The Adelaide Music Collective Sessions made a welcome return to the Goodwood Institute on the weekend with strong performances by headliners Archie Roach and Mark Holden.
After a long lay-off for summer, organisers have wisely retained the format of 2014’s successful season, with each session including the induction of respected artists into the SA Music Hall of Fame.
The immensely talented Max Savage launched the evening with his own particular take on love, heartache and loneliness. An integral part of Savage’s show, apart from the anguished gruff voice and obvious passion, was the excellent electric guitar of Steve Pederson, whose tone and precision honoured the songs perfectly.
Next act The Yearlings – Robyn Chalklen and Chris Parkinson (pictured right) – were all class. Their sublime, laidback style seduces the listener with great lyrics and beautifully crafted songs. The roots are in Americana, the style is alternative country (if a label is necessary), but Australiana was front and centre as they drew from their awesome album All the Wandering, with the title track being a standout.
BJ Barker’s drum style is perfect for The Yearlings; more of a “song player” than a back-beat drummer, he is always injecting extra interest into the already-spellbinding songs.
The induction to the Hall of Fame was conducted with style, respect and good humour by David “Daisy” Day, whose baby this really is.
The final members of The Twilights, Paddy McCartney and Peter Brideoake, joined their other bandmates as worthy inductees. Producer, songwriter, ’70s pop star and reluctant dancer Mark Holden also took his place in the illustrious group and impressed with his candor and tales of success and failure, with equal emphasis.
And what can you say about a legend like Archie Roach? He is a great storyteller, marvelous songwriter, one of the greatest emotive voices in Australian music, tireless advocate and benefactor of his people, and an inspirational example of the human spirit triumphing over terrible adversity and injustice. Roach accepted greatly deserved Hall of Fame inductions for both himself and the love of his life and collaborator, the late Ruby Hunter.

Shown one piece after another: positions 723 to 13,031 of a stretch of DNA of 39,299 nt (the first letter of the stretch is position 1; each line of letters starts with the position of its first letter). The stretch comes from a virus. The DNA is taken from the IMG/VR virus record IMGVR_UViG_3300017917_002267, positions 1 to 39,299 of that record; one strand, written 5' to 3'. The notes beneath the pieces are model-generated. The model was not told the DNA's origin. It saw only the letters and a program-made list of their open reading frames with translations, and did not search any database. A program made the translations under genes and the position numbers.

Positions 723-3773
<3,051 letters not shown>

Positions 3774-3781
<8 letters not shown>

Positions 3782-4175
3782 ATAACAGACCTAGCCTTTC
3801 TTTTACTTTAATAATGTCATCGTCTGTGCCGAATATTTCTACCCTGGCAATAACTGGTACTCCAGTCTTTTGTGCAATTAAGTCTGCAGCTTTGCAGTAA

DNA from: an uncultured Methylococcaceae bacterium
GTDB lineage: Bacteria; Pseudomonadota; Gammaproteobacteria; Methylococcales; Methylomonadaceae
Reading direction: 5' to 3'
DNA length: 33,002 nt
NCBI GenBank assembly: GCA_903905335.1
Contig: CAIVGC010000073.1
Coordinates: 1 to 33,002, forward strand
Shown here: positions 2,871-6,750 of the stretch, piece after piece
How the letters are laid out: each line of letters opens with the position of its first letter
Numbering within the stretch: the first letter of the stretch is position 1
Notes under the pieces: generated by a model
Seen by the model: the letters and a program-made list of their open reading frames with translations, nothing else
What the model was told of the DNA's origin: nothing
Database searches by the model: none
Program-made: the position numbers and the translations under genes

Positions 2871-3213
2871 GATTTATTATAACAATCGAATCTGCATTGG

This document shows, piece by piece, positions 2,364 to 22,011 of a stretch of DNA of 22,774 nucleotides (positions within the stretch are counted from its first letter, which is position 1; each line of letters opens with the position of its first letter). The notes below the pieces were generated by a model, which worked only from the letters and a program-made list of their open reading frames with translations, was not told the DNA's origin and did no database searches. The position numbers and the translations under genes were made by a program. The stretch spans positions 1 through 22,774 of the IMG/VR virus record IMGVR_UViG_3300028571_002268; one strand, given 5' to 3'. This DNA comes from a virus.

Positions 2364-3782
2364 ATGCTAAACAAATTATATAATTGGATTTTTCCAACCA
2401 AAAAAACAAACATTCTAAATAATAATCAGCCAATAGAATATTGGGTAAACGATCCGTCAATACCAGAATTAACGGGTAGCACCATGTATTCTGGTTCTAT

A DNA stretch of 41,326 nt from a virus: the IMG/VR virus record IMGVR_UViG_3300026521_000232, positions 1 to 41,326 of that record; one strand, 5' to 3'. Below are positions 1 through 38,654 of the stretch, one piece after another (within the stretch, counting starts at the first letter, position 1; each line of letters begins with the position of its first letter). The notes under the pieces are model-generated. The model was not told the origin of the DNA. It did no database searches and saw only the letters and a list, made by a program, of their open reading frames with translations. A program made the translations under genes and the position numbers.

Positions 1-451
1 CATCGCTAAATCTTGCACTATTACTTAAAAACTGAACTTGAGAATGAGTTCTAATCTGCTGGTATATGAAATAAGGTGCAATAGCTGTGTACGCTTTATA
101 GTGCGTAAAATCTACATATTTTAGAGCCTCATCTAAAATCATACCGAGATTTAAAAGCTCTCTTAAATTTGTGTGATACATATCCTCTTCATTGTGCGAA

After a brief shuffling of the furniture, Holden emerged with guitar to entertain the audience with more stories and snippets from his many songs. He revealed he had to re-learn how to sing after cancer in his neck robbed him of 80 per cent of his singing ability, but the limitations weren’t obvious, other than lowering of a few keys. His rendition of Vanessa Amorosi’s “Shine”, which they co-wrote, was excellent.
With no disrespect to the other excellent performers on show, it was Archie Roach that everyone had come to see, and he held everyone in thrall throughout his performance.
Roach tells in a matter-of-fact way just what it meant to be a stolen child; he was never reunited with his parents, but eventually connected with his siblings. Having been brought up with children of many nationalities, he told us: “I didn’t know I was black until someone told me.”
The sad truth of “Took the Children Away” and “The Old Mission Road” were highlights of the great man’s performance.
In a slight departure from the usual format, Adelaide Music Collective Session Eight on May 29 will be the first AMC Jazz Session, headlined by the Mike Stewart Big Band featuring Bob Jefferey and a host of other South Australian jazz musicians, hosted by Keith Conlon.
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